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I firmly believe that story and music need to combine effectively in opera.
Of the many performances I have seen at Lyric Opera of Chicago, all have brought story and music together effectively. And “Nabucco”, currently running at Lyric, is no exception.
The work, that is considered by many to have put Giuseppe Verdi on the road to success, is a tale based richly on history.
It follows the plight of Israelites as they become exiles from their own homeland following the Temple of Solomon’s destruction by Babylon King Nabucco in 585 B.C.
It’s a story that is gripping. But what I enjoyed most about Wednesday’s (Feb. 3) performance was the music. The story was stil crucial, but it was taking a seat in the second row while the music was in the front row.
Part of it is due to a brilliant cast that includes Zeljko Lucic as Nabucco, Dmitry Belosselskiy as Zaccaria, Sergei Skorokhodov as Ismaele, Elizabeth DeShong as Fenena and Tatiana Serjan as Abigaille. Most of the operas I have seen, the music and performer have become one. It’s not just the performer singing a piece of music on a paper. It has become part of their character’s emotions.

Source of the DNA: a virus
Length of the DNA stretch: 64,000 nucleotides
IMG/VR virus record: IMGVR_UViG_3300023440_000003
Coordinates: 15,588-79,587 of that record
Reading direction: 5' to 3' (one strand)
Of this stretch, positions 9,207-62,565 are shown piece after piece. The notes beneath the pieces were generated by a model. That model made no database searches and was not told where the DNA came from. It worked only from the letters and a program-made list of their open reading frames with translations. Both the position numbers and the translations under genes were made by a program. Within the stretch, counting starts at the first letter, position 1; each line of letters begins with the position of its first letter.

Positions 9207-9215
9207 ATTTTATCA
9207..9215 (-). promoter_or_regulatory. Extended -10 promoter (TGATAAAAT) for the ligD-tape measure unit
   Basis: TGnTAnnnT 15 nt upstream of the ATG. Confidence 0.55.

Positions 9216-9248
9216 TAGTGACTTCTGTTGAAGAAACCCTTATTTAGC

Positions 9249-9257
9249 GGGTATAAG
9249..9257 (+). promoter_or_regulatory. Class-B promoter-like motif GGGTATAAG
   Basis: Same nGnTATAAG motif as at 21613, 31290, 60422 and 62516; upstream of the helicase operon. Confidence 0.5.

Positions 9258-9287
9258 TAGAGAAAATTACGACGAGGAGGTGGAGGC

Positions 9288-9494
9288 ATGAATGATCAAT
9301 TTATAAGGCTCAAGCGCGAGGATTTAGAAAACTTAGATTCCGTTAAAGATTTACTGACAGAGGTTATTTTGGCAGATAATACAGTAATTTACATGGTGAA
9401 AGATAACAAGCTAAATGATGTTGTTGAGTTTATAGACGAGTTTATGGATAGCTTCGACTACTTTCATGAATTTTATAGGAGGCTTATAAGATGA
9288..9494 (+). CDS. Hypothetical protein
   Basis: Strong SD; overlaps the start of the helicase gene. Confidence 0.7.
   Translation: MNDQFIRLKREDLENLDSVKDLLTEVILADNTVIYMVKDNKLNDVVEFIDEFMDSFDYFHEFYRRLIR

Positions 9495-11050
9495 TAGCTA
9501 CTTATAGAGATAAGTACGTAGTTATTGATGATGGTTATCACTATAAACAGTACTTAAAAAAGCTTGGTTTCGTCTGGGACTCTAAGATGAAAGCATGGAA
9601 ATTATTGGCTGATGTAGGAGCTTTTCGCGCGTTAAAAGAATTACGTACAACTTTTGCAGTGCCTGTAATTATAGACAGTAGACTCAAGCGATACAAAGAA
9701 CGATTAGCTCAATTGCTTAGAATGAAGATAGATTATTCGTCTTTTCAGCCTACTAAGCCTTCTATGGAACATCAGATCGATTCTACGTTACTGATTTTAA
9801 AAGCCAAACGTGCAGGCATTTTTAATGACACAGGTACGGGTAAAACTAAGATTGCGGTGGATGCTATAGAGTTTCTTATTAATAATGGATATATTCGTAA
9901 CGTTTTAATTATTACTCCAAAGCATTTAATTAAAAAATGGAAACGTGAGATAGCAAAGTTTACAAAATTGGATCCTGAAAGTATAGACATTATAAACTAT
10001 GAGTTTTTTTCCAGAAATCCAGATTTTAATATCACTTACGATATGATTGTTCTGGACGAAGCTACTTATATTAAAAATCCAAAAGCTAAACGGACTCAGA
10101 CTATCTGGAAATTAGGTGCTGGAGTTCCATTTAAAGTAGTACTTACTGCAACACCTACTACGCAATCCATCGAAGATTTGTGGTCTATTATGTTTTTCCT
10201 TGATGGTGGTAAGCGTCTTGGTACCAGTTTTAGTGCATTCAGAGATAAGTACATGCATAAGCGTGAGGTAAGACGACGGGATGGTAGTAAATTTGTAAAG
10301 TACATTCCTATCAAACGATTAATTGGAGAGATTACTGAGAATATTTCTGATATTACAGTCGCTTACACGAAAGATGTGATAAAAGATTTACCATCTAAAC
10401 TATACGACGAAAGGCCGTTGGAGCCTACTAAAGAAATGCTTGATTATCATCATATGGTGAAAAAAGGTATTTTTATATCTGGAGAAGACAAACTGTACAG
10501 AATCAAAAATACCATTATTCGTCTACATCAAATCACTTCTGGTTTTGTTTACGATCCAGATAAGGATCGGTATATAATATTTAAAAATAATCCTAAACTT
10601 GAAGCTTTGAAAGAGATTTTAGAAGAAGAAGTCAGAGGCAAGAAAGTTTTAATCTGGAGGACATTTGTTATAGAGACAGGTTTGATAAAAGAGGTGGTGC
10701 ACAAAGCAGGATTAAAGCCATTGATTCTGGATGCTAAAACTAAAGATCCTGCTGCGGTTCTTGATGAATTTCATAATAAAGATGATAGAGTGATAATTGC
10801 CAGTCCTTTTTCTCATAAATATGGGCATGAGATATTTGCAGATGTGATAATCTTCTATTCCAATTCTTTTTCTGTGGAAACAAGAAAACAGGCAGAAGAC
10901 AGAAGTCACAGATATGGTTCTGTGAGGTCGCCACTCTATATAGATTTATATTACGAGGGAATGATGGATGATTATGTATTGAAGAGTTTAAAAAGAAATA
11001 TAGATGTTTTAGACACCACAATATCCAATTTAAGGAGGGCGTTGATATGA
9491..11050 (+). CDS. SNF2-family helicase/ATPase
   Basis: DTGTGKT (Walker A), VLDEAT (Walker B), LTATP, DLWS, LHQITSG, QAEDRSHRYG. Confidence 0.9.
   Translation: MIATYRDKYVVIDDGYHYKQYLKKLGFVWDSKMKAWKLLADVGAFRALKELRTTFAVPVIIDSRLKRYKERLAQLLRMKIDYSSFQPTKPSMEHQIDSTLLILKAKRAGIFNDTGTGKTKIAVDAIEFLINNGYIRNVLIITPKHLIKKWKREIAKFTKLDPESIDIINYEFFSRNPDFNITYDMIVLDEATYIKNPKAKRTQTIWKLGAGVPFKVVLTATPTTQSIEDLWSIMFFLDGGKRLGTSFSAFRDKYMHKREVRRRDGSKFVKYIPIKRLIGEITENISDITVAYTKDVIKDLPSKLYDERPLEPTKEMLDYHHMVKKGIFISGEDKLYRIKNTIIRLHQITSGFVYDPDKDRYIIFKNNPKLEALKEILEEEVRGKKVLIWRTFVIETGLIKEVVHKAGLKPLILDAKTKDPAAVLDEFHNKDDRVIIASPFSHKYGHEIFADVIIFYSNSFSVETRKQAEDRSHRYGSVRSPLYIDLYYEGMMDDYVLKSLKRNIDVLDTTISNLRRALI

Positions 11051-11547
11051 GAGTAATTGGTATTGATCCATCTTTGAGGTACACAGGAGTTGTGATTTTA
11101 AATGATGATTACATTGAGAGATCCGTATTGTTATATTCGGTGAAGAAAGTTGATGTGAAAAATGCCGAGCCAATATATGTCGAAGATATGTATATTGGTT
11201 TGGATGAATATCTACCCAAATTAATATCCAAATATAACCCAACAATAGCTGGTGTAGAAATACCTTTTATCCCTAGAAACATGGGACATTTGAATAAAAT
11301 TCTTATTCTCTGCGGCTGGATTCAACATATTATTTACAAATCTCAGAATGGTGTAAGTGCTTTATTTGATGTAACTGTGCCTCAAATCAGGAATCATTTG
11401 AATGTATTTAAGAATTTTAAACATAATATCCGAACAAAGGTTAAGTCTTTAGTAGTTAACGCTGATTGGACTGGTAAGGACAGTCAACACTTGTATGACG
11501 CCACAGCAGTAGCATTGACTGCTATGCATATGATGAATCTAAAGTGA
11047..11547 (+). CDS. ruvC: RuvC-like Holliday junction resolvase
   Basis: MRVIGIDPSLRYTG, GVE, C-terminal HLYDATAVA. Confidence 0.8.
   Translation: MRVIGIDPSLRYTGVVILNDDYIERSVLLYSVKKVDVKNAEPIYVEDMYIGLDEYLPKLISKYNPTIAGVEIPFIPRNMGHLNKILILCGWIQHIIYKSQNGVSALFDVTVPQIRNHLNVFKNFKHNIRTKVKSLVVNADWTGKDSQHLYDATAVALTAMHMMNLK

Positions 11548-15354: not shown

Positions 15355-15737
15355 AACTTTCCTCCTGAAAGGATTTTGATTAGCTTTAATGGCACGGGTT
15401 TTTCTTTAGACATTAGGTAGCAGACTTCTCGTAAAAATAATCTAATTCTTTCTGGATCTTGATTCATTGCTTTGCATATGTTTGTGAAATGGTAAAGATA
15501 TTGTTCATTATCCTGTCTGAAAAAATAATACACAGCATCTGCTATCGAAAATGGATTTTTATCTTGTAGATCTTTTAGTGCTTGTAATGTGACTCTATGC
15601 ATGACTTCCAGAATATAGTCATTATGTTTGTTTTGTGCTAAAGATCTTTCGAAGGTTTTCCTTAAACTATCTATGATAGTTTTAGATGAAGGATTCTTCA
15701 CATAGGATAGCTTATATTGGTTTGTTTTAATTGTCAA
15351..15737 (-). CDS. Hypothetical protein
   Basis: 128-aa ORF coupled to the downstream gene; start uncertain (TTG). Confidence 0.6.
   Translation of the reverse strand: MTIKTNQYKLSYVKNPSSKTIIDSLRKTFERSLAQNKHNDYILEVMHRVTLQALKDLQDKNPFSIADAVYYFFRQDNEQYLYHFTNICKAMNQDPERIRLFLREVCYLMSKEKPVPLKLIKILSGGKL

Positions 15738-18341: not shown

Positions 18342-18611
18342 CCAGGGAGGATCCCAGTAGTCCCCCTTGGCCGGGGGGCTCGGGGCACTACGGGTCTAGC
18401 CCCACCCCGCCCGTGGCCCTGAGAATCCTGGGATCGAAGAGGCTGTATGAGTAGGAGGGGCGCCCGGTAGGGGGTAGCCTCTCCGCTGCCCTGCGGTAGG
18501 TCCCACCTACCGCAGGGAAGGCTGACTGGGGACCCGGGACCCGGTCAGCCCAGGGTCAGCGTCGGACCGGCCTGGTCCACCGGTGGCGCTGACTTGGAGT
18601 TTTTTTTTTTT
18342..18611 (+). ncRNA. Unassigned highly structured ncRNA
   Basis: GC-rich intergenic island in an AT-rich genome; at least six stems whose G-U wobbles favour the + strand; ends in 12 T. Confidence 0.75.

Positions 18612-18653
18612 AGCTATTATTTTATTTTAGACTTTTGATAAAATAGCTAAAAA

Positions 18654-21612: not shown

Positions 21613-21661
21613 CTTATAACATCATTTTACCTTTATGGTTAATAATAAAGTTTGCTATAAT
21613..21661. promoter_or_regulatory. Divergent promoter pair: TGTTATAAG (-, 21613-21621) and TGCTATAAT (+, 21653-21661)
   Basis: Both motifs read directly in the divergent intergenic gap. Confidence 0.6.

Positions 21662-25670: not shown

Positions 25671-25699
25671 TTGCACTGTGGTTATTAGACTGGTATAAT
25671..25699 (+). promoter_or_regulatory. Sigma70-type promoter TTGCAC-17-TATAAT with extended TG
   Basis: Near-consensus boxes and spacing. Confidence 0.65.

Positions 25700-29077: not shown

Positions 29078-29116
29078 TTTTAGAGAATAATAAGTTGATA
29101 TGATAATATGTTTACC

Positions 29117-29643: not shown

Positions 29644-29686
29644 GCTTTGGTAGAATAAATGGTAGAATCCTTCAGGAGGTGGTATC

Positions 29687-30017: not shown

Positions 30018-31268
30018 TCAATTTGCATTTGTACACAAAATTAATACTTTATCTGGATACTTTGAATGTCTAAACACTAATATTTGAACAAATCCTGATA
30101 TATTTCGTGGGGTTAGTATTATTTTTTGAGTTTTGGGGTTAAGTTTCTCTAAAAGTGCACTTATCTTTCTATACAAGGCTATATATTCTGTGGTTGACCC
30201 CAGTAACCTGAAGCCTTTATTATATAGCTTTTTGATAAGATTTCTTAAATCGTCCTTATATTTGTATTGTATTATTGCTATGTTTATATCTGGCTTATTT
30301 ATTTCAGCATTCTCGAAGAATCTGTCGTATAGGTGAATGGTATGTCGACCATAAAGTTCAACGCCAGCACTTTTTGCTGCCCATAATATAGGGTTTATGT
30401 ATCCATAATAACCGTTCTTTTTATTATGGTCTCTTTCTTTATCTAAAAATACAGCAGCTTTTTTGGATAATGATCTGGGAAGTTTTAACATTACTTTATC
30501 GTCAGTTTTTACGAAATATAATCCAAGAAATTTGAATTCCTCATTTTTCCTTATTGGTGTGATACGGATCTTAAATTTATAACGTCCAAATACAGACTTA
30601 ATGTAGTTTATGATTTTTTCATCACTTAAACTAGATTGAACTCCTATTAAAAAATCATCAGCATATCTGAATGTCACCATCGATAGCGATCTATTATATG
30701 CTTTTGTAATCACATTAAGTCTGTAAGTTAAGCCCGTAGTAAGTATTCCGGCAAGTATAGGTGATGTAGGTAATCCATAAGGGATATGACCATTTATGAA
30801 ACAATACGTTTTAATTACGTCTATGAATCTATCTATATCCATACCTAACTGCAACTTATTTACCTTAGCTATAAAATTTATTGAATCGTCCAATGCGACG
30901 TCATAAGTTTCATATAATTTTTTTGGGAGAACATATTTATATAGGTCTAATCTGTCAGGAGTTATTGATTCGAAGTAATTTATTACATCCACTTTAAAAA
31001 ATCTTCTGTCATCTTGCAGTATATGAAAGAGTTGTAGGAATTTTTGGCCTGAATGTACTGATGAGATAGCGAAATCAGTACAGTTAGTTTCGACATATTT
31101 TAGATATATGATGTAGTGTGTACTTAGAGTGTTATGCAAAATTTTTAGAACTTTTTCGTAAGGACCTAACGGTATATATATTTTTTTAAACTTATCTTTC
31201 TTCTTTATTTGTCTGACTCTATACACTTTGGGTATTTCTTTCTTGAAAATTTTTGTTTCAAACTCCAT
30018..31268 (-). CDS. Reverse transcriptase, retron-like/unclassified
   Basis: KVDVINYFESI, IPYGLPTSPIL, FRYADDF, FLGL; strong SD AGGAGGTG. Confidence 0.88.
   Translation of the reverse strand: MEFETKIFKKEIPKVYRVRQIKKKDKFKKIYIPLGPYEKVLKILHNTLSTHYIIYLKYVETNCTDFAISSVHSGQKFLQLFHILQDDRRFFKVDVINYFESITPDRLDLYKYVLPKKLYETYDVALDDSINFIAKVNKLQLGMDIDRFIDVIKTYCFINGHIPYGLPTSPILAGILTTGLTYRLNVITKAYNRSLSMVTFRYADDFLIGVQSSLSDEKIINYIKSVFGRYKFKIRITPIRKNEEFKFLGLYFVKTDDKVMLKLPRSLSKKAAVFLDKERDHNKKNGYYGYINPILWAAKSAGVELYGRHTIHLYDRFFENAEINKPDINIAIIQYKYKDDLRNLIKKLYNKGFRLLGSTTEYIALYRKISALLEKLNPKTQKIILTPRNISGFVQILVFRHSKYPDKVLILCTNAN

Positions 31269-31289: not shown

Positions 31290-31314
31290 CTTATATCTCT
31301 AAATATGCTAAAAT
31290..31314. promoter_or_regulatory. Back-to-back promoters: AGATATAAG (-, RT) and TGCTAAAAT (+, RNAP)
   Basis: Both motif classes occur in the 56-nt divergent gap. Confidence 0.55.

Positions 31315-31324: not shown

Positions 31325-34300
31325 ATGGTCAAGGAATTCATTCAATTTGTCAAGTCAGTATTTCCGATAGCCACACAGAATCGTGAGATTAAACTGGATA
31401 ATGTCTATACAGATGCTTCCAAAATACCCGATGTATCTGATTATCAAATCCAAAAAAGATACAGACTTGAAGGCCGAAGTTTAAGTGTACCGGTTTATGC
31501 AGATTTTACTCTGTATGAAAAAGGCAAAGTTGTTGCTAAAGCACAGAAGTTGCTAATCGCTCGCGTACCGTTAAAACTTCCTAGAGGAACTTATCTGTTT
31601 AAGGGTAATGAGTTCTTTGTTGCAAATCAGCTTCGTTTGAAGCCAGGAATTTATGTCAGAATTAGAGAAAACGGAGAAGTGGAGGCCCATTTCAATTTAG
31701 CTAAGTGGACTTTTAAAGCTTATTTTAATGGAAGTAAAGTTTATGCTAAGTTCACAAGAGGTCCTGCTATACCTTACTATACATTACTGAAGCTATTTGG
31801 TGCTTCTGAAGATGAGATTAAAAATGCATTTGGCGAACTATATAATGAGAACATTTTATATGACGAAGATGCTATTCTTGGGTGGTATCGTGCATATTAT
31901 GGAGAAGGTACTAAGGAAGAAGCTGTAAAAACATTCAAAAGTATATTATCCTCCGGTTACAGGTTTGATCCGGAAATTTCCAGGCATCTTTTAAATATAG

But I think the cast of “Nabucco” has done this the best of any opera I have ever seen. The best example is when Abigaille (Serjan) sings of her anger for Nabucco and her love for Ismaele — Anch’io dischiuso un giorno.
I love operas that have chorus work. But what also pushes “Nabucco” upward is that it requires a heavy role by the Lyric Opera chorus under the direction of Chorus Master Michael Black. Their work raises the Verdi’s music to a point where you want to block everything out and just savor every note.
“Nabucco” has three more performances in its run at Lyric. Visit lyricopera.org for ticket information.

“31 DAYS OF OSCAR” — My pick for tonight’s (Feb. 5) lineup on Turner Classic Movies and it’s month-long Oscar celebration is “It Happened One Night” which starts at 10:45 p.m. CST. The 1934 film stars Clark Gable as a newspaper reporter who has the chance to get the biggest story of his life as he gets a pampered rich socialite (Claudette Colbert) back home after she escaped from what she considered an unhappy existence. As far as I can tell, it was the first memorable romantic comedy in the history of film. The last 15 minutes or so are wonderful. It cleaned up at the Oscars winning best picture. Director Frank Capra won as did Gable and Colbert for best actor and actress.

UNTIL NEXT TIME. . .

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